Cover image for Queen of the world
Title:
Queen of the world
Author:
Yezerski, Thomas.
Personal Author:
Edition:
First edition.
Publication Information:
New York : Farrar Straus Giroux, 2000.
Physical Description:
1 volume (unpaged) : color illustrations ; 26 cm
Summary:
Three sisters, who compete constantly to see who is the smartest, fastest, or prettiest, vie for the Queen of the World crown, awarded to the sister who makes the best birthday gift for Mom.
Language:
English
Program Information:
Accelerated Reader AR LG 2.8 0.5 44422.
ISBN:
9780374361655
Format :
Book

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PIC. BK. Juvenile Fiction Picture Books
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PIC.BK. Juvenile Fiction Picture Books
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PIC. BK. Juvenile Fiction Picture Books
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Summary

Summary

What Momreallywants for her birthday Three sisters who have nothing in common but the room that they share are bound to argue. And they do--abouteverything. To settle, once and for all, which sister is the Queen of the World, they have a contest: whoever makes Mom the best birthday present wins. But things don't work out as they'd planned, and instead they end up making their mom cry -- on herbirthday.They feel awful, until they figure out that what mom would really like is something that the three of them have to work on together -- getting along, that is. In this humorous story with delightful pictures of sibling rivalry in action, Thomas F. Yezerski shows that if you're family, you always have something important in common.


Reviews 2

Booklist Review

Ages 4^-8. Oh, how some siblings will see themselves in this! The unnamed narrator has two sisters (Amanda is older, Natalie is younger), and they don't get along. Whether it's sharing a room, or vying for their parents' attention, the girls argue about everything: who's the prettiest, who's smartest, and that old standby, whom does Mom like best. Unfortunately, when Mom's birthday comes around, she doesn't like any of them very much; their constant one-upmanship ruins her party and leaves her in tears. Now, the girls spring into action, finally working together to make the day after Mom's birthday special. The story's familiar charm is elevated by the right-on-target watercolor art, and children will have to do more than just listen to the story if they want to appreciate all the goings-on--big details and small are disclosed in the pictures. So are the ever-changing moods of the sisters: Yezerski gets all those dirty looks, moody moments, and, finally, the familial friendliness just right. Even children whose siblings are boys will relate to this. --Ilene Cooper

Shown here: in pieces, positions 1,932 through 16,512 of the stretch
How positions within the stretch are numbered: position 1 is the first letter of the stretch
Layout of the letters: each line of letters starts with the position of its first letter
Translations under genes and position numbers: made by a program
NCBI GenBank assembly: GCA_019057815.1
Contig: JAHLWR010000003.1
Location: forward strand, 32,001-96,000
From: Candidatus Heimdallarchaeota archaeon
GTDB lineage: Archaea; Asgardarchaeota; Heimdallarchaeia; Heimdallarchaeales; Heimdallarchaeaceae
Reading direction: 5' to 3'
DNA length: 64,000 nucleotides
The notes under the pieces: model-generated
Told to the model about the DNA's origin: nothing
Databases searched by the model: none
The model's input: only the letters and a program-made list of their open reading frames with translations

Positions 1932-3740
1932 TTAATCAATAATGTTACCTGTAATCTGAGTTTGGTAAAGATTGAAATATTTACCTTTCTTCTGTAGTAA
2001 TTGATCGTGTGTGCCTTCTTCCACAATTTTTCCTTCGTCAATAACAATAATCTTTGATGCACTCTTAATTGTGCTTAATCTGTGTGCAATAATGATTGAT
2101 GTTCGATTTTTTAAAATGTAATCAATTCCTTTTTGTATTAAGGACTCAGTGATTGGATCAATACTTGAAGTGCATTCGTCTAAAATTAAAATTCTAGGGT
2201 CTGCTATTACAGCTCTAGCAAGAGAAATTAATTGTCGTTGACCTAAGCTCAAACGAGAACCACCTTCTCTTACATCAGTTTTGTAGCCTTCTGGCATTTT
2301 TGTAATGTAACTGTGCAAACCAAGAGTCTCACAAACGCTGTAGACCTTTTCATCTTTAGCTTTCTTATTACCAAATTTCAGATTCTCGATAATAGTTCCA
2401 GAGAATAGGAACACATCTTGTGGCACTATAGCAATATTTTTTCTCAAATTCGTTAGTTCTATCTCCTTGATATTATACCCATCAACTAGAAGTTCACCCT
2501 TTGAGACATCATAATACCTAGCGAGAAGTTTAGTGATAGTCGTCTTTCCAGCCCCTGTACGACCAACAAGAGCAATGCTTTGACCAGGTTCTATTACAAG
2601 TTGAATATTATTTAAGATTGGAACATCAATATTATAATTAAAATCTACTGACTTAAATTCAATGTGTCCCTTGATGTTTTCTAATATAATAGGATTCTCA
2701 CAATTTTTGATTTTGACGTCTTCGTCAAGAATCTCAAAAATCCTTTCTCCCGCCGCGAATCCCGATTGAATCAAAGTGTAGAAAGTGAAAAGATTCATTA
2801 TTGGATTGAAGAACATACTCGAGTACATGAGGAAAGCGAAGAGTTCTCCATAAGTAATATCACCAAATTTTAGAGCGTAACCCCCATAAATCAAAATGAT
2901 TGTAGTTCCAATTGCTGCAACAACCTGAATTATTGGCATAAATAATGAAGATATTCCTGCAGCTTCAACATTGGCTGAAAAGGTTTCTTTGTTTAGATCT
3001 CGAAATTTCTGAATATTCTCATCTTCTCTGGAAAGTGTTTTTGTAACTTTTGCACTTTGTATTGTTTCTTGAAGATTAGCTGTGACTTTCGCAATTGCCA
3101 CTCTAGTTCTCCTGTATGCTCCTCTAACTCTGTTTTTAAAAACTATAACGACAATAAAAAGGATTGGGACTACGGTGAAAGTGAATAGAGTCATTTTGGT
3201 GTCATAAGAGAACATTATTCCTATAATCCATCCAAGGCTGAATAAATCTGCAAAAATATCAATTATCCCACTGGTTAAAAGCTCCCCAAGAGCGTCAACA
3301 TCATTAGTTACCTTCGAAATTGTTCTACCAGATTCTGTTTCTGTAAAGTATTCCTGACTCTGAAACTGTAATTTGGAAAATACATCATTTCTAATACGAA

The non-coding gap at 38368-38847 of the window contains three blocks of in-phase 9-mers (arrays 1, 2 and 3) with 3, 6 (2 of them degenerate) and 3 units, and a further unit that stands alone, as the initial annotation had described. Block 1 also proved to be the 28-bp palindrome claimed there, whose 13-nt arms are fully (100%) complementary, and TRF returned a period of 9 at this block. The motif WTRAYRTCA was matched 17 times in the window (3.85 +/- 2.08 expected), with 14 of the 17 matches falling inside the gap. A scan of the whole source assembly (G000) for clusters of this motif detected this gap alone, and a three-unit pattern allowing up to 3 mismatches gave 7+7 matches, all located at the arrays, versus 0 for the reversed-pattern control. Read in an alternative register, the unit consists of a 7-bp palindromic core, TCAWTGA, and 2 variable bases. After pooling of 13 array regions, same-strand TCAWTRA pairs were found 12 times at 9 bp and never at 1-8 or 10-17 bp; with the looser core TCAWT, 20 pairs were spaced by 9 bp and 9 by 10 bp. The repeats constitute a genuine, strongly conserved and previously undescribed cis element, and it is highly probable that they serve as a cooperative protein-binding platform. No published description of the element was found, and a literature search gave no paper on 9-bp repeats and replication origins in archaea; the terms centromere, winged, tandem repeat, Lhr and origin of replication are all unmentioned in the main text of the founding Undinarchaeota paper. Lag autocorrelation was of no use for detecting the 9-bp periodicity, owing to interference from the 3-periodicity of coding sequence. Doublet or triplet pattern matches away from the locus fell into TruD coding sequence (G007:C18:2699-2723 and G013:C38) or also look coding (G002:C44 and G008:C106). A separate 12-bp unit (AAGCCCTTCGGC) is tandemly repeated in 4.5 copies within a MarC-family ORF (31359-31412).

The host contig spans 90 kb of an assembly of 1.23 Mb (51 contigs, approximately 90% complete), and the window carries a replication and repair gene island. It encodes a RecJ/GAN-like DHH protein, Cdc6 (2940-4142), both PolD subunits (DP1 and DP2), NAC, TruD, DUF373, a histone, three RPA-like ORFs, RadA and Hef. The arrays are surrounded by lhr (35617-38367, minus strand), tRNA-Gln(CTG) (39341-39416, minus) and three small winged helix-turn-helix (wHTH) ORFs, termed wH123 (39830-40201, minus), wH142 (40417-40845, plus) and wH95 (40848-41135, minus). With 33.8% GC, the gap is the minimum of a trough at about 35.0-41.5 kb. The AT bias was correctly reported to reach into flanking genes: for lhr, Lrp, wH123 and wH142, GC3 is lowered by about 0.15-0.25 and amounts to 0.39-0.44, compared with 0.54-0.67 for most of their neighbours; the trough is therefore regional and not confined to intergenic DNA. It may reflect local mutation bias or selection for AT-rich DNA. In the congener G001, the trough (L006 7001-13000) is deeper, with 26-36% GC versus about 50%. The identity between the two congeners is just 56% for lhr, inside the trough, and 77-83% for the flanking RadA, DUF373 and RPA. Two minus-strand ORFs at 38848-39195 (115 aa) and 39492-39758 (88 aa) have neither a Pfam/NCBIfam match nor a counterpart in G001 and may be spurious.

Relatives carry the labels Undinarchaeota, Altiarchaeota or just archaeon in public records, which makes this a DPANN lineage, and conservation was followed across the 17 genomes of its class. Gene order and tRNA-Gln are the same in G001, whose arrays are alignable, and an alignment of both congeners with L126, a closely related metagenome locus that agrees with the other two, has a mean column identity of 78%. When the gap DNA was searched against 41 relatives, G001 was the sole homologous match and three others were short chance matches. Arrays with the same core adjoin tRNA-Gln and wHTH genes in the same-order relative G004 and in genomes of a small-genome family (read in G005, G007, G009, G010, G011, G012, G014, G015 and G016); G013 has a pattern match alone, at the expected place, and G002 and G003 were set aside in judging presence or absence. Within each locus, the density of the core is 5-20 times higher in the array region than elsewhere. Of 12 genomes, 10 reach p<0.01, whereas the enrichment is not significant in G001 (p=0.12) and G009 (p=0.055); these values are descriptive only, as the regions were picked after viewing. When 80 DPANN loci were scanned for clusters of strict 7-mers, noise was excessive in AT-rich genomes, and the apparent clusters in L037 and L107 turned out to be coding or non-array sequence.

School Library Journal Review

PreS-Gr 3-Three young sisters are in constant conflict-each determined to be the smartest, prettiest, strongest, or "just plain best" of the family. Their parents reassure them that they are loved exactly the same, but the battles continue. Their mother's birthday provides an opportunity for a definitive competition-whoever makes the best present wins the Queen of the World crown and reigns supreme "Forever-with no taking it back." The siblings' arguments escalate at the birthday supper until their mother begins to cry. They finally put aside their differences and work cooperatively to show how much they love her. Told from the middle child's perspective, the family dynamics are realistic and children will relate to the sisters' feuding: "-Amanda touched me with her knee, and I had to pinch her under the table. Then Natalie flung a crouton at me for no reason." Yezerski's pen-and-watercolor illustrations are brimming with domestic details, from the toy-strewn bedroom to the refrigerator covered in family photographs. The conflicts are conveyed with warmth and humor, making this a good choice for discussing sibling rivalry.-Linda Ludke, London Public Library, Ontario, Canada (c) Copyright 2010. Library Journals LLC, a wholly owned subsidiary of Media Source, Inc. No redistribution permitted.